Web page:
Pete Hall, Head of Sales, EMEA Submarine & MEA Region, Ciena discusses how smart city planners are focusing on converging disparate technologies into a more collaborative environment, which enables the cross-sharing of data so agencies can act to improve services to citizens and business constituents.
In the era of rapid technological advancements, the GCC region has witnessed a remarkable transformation with the emergence of smart cities. These interconnected urban environments, where even the most mundane objects are connected, hold great promise to enhance the quality of life for citizens. However, with such advancements come a multitude of challenges that service providers must address to meet the soaring expectations of end users.
According to a report by the McKinsey Global Institute, the GCC’s urban population is projected to reach 64 million by 2030, highlighting the pressing need for smart city infrastructure to accommodate rapid urbanization and ensure sustainable growth.
Additionally, a study by the World Economic Forum highlights that by 2025, smart city technologies have the potential to create $2.5 trillion in value globally, offering vast opportunities for economic development. However, achieving the perfect state of smart cities goes beyond connectivity alone.
It is important to address inherent challenges, like the lack of a clear strategy and interdepartmental coordination. Previously, many smart city projects focused on a few applications such as traffic management or lighting. These projects were usually led by a specific agency and data generated was typically not shared outside the individual agency.
Today, smart city planners are focusing on how to converge disparate technologies into a more collaborative environment, which enables the cross-sharing of data so agencies can act to improve services to citizens and business constituents. They are looking to take advantage of Artificial Intelligence (AI) and Machine Learning (ML) to improve the citizen experience. But disruptive technologies are bandwidth and data-intensive and demand flexibility. To be able to modernize rapidly and at scale, cities and communities need a network that can constantly and reliably adapt to fast-changing demand.
While automation is a critical element, it must be part of a holistic, connected approach in order to be truly adaptable today, and better prepared for tomorrow. In this regard, the Adaptive Network is the ultimate network end-state that utilizes a combination of intelligence, software control and automation, and programmable infrastructure. Guided by data-driven analytics and intent-based policies, it is set up to rapidly scale, self-configure, and self-optimize by constantly assessing network pressures and demands.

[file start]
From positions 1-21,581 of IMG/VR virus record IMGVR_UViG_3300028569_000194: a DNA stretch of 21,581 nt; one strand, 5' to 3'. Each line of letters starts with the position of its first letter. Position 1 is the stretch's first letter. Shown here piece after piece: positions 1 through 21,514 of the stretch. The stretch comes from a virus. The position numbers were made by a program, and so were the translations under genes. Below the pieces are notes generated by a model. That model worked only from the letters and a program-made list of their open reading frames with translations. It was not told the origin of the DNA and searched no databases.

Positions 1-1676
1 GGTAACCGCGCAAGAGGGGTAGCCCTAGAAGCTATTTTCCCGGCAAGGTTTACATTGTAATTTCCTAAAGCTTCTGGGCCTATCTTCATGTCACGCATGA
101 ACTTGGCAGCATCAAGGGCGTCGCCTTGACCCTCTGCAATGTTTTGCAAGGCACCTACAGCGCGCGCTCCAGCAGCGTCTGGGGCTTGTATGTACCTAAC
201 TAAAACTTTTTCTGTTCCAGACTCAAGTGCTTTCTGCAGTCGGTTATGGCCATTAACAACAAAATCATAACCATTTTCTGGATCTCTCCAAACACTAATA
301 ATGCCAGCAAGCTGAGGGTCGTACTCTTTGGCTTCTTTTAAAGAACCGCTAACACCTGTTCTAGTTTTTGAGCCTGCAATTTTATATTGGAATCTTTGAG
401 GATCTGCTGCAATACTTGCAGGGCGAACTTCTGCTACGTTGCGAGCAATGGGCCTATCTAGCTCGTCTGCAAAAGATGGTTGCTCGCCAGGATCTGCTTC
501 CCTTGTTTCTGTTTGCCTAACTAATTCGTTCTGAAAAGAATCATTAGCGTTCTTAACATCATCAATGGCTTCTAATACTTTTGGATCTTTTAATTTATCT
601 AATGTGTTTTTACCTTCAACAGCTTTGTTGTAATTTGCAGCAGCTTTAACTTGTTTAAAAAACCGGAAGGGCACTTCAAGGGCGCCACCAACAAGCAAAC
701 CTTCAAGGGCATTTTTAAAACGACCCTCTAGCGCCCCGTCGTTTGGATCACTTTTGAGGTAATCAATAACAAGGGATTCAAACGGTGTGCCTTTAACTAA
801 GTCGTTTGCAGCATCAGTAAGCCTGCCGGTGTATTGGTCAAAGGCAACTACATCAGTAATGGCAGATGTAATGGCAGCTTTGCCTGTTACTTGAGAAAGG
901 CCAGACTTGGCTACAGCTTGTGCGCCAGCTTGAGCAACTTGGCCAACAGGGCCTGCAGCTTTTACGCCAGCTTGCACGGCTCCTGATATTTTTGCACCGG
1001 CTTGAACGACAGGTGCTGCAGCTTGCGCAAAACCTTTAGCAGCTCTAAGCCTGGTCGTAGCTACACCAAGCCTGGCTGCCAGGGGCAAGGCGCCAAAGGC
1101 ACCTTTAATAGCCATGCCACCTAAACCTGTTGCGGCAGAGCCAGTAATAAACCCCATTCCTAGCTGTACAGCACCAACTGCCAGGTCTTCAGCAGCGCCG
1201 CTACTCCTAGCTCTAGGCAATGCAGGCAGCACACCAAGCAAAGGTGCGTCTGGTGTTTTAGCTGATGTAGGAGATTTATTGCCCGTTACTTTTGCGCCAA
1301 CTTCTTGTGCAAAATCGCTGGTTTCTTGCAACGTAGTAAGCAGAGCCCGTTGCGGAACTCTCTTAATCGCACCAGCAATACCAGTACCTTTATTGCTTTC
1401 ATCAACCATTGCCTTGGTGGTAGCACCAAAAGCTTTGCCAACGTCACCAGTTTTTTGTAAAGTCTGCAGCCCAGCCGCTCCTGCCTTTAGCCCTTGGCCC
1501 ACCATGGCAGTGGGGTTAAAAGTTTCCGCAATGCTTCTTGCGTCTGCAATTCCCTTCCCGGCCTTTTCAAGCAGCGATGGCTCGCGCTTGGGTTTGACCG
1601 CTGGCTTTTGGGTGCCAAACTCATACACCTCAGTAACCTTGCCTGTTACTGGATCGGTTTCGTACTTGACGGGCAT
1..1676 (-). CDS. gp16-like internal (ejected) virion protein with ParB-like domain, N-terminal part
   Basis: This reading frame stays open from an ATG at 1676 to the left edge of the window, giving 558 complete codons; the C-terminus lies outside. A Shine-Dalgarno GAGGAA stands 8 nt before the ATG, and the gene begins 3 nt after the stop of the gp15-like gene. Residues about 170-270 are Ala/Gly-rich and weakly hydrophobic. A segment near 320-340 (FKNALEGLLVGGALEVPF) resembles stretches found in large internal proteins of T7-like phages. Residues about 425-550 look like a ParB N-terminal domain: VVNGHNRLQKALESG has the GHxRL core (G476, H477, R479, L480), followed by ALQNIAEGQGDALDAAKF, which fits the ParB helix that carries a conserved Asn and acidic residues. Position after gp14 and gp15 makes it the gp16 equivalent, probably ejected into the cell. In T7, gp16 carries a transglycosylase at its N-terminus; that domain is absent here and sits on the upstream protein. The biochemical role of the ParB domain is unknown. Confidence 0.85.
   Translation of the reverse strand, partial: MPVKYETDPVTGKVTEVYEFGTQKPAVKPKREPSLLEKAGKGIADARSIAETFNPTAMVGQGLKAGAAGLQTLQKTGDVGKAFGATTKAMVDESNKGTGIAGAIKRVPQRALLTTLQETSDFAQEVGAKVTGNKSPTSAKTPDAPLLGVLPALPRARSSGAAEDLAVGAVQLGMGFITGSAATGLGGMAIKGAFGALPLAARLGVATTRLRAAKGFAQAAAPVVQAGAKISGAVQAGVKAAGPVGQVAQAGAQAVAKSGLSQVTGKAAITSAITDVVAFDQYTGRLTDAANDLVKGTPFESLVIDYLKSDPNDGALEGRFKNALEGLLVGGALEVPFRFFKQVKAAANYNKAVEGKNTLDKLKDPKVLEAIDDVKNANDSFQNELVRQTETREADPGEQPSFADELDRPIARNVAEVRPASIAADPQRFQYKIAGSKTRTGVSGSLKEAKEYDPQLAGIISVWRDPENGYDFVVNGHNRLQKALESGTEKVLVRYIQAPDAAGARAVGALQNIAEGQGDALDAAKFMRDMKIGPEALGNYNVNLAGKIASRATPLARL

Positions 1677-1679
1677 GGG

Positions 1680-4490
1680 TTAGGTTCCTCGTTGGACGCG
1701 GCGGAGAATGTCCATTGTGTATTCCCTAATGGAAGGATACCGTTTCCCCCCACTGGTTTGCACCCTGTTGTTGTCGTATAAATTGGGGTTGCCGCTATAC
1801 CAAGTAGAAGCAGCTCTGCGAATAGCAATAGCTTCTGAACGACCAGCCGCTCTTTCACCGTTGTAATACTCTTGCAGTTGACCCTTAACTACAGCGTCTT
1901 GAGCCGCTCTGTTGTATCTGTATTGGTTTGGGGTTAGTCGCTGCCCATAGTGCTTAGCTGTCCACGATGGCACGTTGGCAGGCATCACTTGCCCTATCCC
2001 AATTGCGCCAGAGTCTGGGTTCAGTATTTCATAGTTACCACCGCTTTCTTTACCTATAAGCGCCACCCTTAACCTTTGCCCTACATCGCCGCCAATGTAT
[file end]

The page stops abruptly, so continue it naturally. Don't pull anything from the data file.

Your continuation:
As the GCC countries forge ahead with their digital ambitions, they will need significant bandwidth and data capacities, powered by a highly flexible network infrastructure. Unfortunately, for many service providers, identifying and resolving service issues across multi-layer networks still remains a complicated and lengthy process, slowing down the momentum.
Given that conventional service assurance tools are domain-specific and manually intensive, service providers find themselves left to correlate a multitude of alarms and metrics to pinpoint the exact root cause of each issue. By the time a root cause is identified, multiple SLAs may have already been violated, which can lead to customer dissatisfaction and churn, not to mention the negative impact on business productivity and operational expense.
What is required is a unified and automated approach to simplify service assurance across multi-layer networks. For instance, Ciena’s Blue Planet Multi-Layer Assurance automatically analyzes alarms, faults, and alerts across different layers and domains of the network infrastructure. These are then correlated and if direct relationships are found, the root cause can quickly be identified. This greatly accelerates the time to resolve service-affecting issues for improved customer satisfaction.
By leveraging transformational, new technologies, smart cities can achieve a future-proofed network infrastructure that enables them to keep pace with the ever-evolving digital landscape, ultimately making urban spots smarter and more connected, while enhancing the lives of citizens.